It is well known that high-intensity acoustic stimuli, both air conducted and bone conducted, create cochlear injuries which are greatest in the upper basal turn and are manifested by high-tone hearing losses. The effects of ultrasonic acoustic stimuli of high intensity are less well understood. Beck1 has recently demonstrated histological changes of the organ of Corti from ultrasonic stimulation of the cochlear capsule of guinea pigs. New clinical and industrial tools are being made which generate ultrasonic frequencies, and the question is being raised as to the danger of cochlear damage. The attenuation of ultrasonic waves in air is great, so that damage by this route is not likely to occur. When ultrasonic vibratory instruments are applied to the skull, however, a more efficient transmission by bone occurs.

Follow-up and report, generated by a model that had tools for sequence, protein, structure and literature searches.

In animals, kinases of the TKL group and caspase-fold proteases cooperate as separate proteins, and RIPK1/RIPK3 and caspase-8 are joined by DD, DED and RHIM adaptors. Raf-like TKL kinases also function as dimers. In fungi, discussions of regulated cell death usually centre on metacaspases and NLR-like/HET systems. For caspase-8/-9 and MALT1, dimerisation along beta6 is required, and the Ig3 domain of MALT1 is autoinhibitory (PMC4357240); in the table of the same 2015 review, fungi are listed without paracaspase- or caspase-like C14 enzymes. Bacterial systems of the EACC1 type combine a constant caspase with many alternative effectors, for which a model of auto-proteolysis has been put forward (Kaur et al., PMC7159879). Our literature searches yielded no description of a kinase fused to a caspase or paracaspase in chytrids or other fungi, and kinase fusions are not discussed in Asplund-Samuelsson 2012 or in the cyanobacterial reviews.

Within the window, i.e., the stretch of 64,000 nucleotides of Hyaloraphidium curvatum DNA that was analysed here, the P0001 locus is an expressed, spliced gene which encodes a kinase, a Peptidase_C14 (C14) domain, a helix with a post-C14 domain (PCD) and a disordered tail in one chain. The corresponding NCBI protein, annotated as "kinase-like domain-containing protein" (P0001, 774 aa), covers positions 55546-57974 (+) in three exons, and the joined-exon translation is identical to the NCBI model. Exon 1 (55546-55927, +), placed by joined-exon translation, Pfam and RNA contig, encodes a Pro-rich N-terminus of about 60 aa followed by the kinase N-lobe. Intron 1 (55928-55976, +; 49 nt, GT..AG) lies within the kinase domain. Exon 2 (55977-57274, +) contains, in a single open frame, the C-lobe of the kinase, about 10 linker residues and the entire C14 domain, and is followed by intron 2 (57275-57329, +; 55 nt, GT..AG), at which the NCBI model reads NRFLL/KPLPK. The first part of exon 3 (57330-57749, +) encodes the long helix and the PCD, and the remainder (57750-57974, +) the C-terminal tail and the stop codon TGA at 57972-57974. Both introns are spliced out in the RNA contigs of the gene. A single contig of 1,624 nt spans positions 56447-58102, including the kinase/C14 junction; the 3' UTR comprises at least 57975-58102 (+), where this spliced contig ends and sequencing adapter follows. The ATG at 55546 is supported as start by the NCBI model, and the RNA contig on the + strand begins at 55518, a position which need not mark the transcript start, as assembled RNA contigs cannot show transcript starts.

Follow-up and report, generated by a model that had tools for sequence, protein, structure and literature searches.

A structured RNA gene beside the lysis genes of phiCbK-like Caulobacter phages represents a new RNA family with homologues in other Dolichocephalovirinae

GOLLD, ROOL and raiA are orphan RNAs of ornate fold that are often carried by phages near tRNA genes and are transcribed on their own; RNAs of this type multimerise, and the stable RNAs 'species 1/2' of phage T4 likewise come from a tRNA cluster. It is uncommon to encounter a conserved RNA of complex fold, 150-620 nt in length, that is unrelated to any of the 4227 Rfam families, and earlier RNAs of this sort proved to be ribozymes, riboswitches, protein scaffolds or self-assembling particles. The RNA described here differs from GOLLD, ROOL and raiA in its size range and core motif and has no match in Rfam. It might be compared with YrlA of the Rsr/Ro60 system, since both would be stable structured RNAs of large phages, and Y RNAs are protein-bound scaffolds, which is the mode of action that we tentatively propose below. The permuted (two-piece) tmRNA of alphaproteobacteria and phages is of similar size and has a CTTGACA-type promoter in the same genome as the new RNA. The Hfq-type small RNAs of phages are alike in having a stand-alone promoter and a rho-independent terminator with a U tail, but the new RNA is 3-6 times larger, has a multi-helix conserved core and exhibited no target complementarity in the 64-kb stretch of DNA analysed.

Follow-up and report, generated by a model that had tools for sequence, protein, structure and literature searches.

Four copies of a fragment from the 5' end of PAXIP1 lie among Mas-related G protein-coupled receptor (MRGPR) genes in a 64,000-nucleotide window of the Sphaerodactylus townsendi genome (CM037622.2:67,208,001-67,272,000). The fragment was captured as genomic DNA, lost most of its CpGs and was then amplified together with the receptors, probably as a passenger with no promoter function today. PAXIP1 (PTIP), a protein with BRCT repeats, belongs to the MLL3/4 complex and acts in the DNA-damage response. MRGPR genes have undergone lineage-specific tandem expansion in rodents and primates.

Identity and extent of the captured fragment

One such device which is being introduced for clinical use, mainly in dentistry, is the Cavitron instrument * (Fig. 1). It is
PAPARELLA MM. A High-Frequency Microvibrator: Bioacoustical Effects. Arch Otolaryngol. 1961;74(2):220–228. doi:10.1001/archotol.1961.00740030225018
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